Additionally, when you undertake strength training, you’ll be stronger and more capable of completing daily tasks with relative ease. You’ll also have the physical endurance to do more, every day.”

Strength training doesn’t need to mean hours lifting weights in the gym, either – two sessions per week are recommended by the NHS. You can use resistance bands, kettlebells, dumbbells, or even your own bodyweight for resistance. 

Here’s some ideas to try: 

Endurance training

The title might sound daunting, but endurance training doesn’t need to be hard. Staring says: “Endurance training is a longer bout of exercise (10 minutes and higher) at a constant pace of up to 65% of your maximum heart rate.” 

It’s worth knowing more about heart rate zones in exercise if you want to undertake endurance training to increase irisin. Some people like to wear a heart rate monitor when exercising, in the form of a smart watch, fitness tracker or chest strap (the Garmin HRM-Pro Plus is a favourite of this article’s author and, at the time of writing, discounted by almost 30% at Amazon). This can enable you to understand how your heart responds to exercise and to work out what 65% of your maximum heart rate (MHR) would be.

Alternatively, you can go by the rate of perceived exertion (RPE). This scale ranges from one to 10, with 10 being all-out max effort, and one being no movement at all. For around 65% of your MHR, you want to be working at an RPE of six or seven – you should still be able to talk in sentences but slightly out of breath. 

Staring says: “You’ll get the most benefit out of endurance training by choosing exercises that use large muscle groups like rowing, running and swimming.

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High intensity interval training (HIIT)

Staring says: “HIIT involves short intervals of up to 60 seconds of high intensity exercise at up to 95% of maximum heart rate, followed by equally short rest periods of maximum 60 seconds.”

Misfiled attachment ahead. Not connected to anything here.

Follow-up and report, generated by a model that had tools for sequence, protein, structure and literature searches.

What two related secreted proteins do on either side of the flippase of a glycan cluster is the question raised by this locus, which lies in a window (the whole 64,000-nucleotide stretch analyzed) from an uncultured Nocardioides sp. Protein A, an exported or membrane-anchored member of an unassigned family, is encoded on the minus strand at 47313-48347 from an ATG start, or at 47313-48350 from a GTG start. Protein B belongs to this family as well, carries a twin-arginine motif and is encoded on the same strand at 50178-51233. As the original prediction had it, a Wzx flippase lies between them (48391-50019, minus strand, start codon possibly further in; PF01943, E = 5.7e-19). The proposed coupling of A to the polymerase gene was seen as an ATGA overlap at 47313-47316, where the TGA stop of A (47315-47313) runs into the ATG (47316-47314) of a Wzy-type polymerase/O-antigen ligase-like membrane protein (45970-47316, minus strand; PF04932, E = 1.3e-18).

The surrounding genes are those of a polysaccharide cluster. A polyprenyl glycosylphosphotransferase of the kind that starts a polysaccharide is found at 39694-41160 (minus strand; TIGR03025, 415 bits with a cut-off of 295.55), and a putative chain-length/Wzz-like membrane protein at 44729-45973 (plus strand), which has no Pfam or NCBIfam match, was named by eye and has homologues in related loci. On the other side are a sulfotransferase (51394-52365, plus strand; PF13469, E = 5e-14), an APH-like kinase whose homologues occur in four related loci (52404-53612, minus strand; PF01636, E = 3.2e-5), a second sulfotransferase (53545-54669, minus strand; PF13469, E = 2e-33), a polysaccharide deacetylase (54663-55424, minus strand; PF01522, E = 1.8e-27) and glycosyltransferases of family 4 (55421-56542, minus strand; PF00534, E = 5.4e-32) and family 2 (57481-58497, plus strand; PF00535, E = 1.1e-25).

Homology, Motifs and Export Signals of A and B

HIIT workouts have become popular thanks to celebrity trainers such as Joe Wicks, who use the principles of HIIT to encourage short bursts of activity with rest periods. While true HIIT can be hard going, because you’re pushing your heart rate so high, working intensely (at a rate of exertion that suits you), followed by a brief rest, can be beneficial. 

As well as increasing irisin, HIIT is good for the brain. Studies have shown that interval training increases blood flow to the brain, something that often declines with age. HIIT is a form of cardio exercise, which also helps strengthen the heart and lungs, keeping us in good physical shape. 

HIIT can be as simple as introducing an element of briskness to whatever activity you’re doing:

  • If you’re jogging, try introducing some short, 20-second sprints.
  • If you’re strength training at the gym, try interspersing your weight lifting with some sprints on an exercise bike or cross-trainer.
  • When swimming, take a rest, then swim as hard as you can for one length. Rest again, then go back to your regular pace. Do this every five minutes. 
Becky Fuller

Written by Becky Fuller she/her


Becky Fuller is a fully qualified Personal Trainer, specialising in strength and conditioning for over 50s. Becky’s focus is helping people to become stronger both in body and mind, and to move well without pain. Becky also has many years’ experience working as a freelance journalist, writing for a wide variety of publications such as Screen Rant, Geek Feed, and Daily Actor. She also regularly reviews theatre productions for UKTW.